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Old September 3rd, 2007, 10:25 PM   #1
Major Player
Join Date: Aug 2006
Location: Overland Park, KS
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What is the inherent resolution limit of FCP 6.0?

Hi all. . .

I have a RED One camera on the way, but someone has informed me that FCP 6.0 has a 2K resolution limit. Is this really true? And, if so, is there anything that can be done to allow me to shoot 4K, 4.5K footage on the RED? I'd like to use the camera at its best if possible.

Any thoughts?

Thanks much.

Stephen Pruitt is offline   Reply With Quote
Old September 3rd, 2007, 10:56 PM   #2
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Keep in mind, that no software-based editor can handle raw 4K footage - yet. FCP can easily handle 2k and routinely does such as the projects we've shot on the Viper, which outputs a DPX format at 4:4:4, 2k resolution.

Even at 2K, you're going to need a machine with as much horsepower as possible and a very fast external RAID array (SCSI or Fiber only, eSATA won't be able to keep up) pumping out a minimum of 250Mbs to keep up with multiple streams of 2k footage. Even with all that be prepared for long renders unless you have a SAN environment and a distributed network of CPU's crunching your edits.

REDCODE will convert the camera raw into literally anything you want or need but right now the practical limit is 2K. Your software guide that will come with the camera will show you in detail how to handle your footage based on the system/format you're wanting to edit in.
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Old September 3rd, 2007, 11:12 PM   #3
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There's really no reason to edit at 4k. Work with 2K or 1K proxies. You can edit the 4K material that way.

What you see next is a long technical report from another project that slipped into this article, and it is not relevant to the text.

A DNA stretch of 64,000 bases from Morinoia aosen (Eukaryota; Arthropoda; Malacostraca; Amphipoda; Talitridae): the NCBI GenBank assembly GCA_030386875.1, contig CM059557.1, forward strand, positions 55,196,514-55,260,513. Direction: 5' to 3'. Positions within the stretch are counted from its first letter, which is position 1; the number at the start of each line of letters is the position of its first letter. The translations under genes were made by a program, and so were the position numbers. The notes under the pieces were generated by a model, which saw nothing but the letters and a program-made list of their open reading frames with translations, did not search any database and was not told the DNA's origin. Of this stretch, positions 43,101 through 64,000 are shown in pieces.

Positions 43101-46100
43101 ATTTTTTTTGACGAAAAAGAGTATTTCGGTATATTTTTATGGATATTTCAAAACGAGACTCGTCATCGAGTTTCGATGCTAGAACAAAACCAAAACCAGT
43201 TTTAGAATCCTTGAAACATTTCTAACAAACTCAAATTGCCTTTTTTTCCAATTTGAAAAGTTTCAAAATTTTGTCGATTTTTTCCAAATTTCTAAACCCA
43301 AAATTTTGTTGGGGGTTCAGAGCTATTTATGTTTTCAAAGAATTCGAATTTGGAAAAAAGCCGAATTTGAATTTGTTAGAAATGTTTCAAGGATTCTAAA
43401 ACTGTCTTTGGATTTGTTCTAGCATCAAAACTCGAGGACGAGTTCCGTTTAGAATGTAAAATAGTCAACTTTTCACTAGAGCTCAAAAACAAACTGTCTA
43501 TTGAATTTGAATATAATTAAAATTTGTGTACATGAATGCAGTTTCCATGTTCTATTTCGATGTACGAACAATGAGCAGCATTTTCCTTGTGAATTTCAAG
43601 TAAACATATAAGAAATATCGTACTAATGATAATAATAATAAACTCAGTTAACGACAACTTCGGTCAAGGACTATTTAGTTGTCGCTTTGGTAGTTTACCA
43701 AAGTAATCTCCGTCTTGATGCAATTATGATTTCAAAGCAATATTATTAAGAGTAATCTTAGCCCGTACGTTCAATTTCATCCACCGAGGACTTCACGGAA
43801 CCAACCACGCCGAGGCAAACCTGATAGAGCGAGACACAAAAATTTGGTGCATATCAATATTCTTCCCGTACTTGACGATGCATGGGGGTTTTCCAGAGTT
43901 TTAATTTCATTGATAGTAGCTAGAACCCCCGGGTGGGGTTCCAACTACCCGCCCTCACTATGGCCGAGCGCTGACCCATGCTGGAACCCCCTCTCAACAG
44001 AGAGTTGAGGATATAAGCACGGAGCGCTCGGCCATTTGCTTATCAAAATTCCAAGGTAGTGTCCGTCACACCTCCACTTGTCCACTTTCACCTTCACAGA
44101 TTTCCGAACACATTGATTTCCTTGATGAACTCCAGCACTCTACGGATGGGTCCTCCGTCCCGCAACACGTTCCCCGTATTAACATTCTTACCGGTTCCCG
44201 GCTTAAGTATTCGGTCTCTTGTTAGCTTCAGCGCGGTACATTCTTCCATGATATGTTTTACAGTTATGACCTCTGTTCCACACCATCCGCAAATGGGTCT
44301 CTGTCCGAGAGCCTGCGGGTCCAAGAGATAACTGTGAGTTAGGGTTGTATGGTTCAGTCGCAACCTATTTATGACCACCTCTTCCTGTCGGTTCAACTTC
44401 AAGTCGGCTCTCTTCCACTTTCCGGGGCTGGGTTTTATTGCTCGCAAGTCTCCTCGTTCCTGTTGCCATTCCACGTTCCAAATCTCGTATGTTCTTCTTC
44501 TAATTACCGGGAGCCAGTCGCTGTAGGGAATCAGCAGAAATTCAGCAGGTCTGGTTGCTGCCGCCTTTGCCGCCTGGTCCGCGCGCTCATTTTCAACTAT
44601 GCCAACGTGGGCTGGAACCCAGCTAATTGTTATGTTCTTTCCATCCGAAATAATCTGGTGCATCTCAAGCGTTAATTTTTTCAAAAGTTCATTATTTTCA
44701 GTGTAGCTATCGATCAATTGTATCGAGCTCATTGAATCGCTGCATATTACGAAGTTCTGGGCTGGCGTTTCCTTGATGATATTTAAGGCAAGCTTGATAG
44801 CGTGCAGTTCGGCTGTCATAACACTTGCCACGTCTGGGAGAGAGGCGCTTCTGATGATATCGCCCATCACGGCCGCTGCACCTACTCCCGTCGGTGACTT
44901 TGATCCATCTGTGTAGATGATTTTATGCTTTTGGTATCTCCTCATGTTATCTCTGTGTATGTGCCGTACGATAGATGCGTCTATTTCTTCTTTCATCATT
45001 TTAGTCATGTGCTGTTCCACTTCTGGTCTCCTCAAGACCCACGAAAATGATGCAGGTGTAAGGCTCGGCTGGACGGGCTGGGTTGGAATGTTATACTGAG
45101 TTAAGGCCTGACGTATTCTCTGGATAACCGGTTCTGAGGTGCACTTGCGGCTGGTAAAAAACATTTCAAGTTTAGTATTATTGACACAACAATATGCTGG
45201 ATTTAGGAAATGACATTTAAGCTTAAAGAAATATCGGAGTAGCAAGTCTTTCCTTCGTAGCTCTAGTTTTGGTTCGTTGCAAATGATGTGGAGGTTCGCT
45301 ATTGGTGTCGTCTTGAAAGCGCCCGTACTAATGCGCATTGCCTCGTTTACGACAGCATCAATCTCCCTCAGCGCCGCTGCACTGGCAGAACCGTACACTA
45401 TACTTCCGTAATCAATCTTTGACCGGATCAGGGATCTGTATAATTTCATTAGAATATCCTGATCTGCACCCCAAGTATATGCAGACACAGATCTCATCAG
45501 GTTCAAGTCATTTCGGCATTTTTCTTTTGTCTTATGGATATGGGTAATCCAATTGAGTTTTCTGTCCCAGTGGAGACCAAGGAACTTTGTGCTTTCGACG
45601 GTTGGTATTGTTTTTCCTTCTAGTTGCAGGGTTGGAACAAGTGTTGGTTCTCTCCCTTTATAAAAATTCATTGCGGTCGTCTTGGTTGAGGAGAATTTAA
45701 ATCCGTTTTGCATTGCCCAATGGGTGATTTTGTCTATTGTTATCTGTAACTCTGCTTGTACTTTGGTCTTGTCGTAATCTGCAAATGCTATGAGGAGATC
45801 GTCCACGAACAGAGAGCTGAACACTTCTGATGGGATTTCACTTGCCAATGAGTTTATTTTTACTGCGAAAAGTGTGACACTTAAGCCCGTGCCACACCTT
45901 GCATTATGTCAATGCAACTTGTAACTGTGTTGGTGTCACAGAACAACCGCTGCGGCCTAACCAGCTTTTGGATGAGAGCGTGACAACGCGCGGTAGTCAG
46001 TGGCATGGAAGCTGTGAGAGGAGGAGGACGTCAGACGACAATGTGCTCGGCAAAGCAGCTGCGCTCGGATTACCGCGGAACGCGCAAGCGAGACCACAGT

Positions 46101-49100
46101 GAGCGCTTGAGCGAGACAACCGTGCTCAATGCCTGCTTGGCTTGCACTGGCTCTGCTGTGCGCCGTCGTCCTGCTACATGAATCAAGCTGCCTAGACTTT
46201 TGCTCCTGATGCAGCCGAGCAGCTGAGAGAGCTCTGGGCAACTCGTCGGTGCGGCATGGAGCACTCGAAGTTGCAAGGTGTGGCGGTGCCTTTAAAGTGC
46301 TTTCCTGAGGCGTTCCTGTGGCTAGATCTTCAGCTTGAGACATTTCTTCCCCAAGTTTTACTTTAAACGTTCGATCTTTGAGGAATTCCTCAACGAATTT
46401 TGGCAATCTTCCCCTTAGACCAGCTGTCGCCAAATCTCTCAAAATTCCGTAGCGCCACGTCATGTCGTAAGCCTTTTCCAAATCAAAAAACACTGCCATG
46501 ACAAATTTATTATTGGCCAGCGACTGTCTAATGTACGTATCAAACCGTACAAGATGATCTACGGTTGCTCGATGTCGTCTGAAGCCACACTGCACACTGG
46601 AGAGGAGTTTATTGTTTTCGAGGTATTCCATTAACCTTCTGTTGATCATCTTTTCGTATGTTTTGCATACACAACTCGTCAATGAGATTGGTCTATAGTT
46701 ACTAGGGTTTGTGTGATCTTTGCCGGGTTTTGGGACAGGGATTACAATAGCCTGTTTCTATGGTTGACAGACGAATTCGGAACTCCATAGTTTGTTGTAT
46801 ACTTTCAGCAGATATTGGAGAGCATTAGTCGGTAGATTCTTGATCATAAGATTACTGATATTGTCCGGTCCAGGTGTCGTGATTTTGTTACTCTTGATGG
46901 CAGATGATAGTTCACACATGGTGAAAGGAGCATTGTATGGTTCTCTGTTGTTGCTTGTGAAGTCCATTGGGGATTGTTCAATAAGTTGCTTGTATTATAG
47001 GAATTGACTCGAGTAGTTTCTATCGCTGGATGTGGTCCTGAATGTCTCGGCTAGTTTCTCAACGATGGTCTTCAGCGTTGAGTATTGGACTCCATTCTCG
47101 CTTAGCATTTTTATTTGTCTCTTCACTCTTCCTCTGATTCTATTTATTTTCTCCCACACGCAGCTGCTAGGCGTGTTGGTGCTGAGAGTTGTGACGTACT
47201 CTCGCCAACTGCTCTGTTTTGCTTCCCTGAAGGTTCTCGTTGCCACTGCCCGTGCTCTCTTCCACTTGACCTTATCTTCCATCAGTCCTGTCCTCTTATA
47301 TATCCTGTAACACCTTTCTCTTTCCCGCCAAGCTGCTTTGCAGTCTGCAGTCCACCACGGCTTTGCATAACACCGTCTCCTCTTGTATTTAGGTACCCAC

Even for color grading Hollywood movies, it is done with 2K or 1K proxies.

To quote Michael Most on the reduser forum...

Even if you could monitor it - and right now, you basically can't - there is no reason to "grade in 4K," period, just as there is no reason to "edit in 4K" when you can use proxies and do everything you need to do. That's what the Red post workflow is all about, and why it's so well thought out. As long as the colorspace is the same, and as long as the proxy is done correctly, color correction is going to look exactly the same on the proxy as it will on a 4K render - and the process is a hell of lot more fluid. This is, in fact, how almost every existing DI company does "4K DI" work - they use 2K or even 1K (in the case of EFilm) proxies during creative color correction, then do the final render using the 4K files. There is no need for monitoring 4K prior to producing the final release element. And even at that stage, there is no current release format for 4K other than film and Digital Cinema Packages (although the vast majority of Digital Cinema equipped theaters use 2K projection). The beauty of the availability of 4K origination on Red is that it provides oversampling for every other current release format, so that even projects that don't get theatrical distribution (and I would think many projects being referred to here ultimately fall under that category, with the exception of possible festival screenings) get a lot of benefit from originating in a deeper, higher resolution format than they're released in.

The important characteristics of post production, especially with color correction, are a proper color management path, proper monitoring, knowledge of the intended deliverables and their unique requirements, the ability to produce those deliverables, and an understanding of what color correction does and how to apply it - not what resolution you happen to monitor while you do it.
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